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Environment Bill

Part of the debate – in the House of Commons at 7:51 pm on 28th October 2019.

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Photo of Neil Parish Neil Parish Chair, Environment, Food and Rural Affairs Committee 7:51 pm, 28th October 2019

I am very pleased that the Government have introduced this Bill; the Environment, Food and Rural Affairs Committee has conducted prelegislative scrutiny, and I am glad the Bill has moved towards our recommendations. I welcome the fact that the Government will set a multi-annual budget for the Office for Environmental Protection and include climate change in the remit. However, I do want to make three points.

First, the Bill must not allow for any regression from our current high environmental standards; the Committee will look at this very carefully. The Committee will also examine how and when the Government can be held to account if they fail to meet the targets. In relation to air quality, while I welcome the Government’s plan to set a target, this target only needs to be set before 2022, and it is not clear how ambitious it must be. We must move much more to using electric cars in our inner cities and make sure they hold a lot of the renewable energy at night when recharged, to help use up and store our renewable energy. I ask the Government to match the World Health Organisation guidelines for dangerous emissions such as particulate matter. I appreciate that the Government might not want to mention WHO targets, which can change; however, committing to an actual figure so that it is a legal target is very important.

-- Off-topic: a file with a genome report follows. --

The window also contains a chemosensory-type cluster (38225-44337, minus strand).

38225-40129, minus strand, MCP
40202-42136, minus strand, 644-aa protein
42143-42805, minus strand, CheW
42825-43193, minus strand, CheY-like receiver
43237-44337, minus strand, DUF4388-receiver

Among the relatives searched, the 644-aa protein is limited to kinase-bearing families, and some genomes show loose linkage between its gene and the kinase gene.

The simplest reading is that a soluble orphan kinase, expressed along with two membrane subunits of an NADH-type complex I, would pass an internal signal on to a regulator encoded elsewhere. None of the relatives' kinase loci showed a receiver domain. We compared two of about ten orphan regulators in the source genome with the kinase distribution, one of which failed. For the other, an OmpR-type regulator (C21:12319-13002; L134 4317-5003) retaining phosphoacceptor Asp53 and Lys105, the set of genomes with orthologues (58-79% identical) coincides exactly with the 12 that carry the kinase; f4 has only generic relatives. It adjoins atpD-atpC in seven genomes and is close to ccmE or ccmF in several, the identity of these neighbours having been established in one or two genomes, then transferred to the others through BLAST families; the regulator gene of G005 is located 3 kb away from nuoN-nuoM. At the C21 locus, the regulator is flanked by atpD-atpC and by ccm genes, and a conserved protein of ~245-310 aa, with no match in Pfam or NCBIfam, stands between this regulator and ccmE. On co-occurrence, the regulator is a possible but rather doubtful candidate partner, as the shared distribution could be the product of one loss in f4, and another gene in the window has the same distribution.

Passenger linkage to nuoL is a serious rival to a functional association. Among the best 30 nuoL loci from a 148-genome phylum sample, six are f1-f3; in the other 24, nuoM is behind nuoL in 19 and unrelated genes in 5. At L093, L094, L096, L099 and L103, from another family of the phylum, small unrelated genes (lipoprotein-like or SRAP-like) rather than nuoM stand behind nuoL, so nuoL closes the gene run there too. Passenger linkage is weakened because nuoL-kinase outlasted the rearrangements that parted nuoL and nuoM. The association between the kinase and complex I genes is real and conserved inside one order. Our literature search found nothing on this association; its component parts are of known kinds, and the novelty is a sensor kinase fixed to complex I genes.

Secondly, the Government have proposed that the environmental principles currently enshrined in our legislation under EU law should be a policy statement. That has caused a great deal of concern. Principles such as the polluter pays are vital to environmental protection. A policy statement is much weaker and easier to revise, so I shall be interested to hear what the Secretary of State has to say about a much stronger commitment, as proposed in our report.

Thirdly, we need the OEP to be independent of the Government and sufficiently powerful. The previous Secretary of State foresaw that, and I hope that the current Secretary of State sees it in the same way. This new watchdog might need to be given sharper teeth than is proposed. There are already better models, such as the Office for Budget Responsibility.

To sum up, while I welcome the Bill, there certainly does need to be just a little improvement. That is why my Committee has just announced a new inquiry into the Bill so we can make constructive recommendations to the Government and ensure we achieve all we want, which is to leave the environment in a much better state than we found it, and we have made good progress. I also welcome the Secretary of State’s comments today about how we will deal with the Agriculture Bill: we can have a much better policy for agriculture than the common agricultural policy; it can be better for the environment and for food production, and we can do all the things that we really want to do.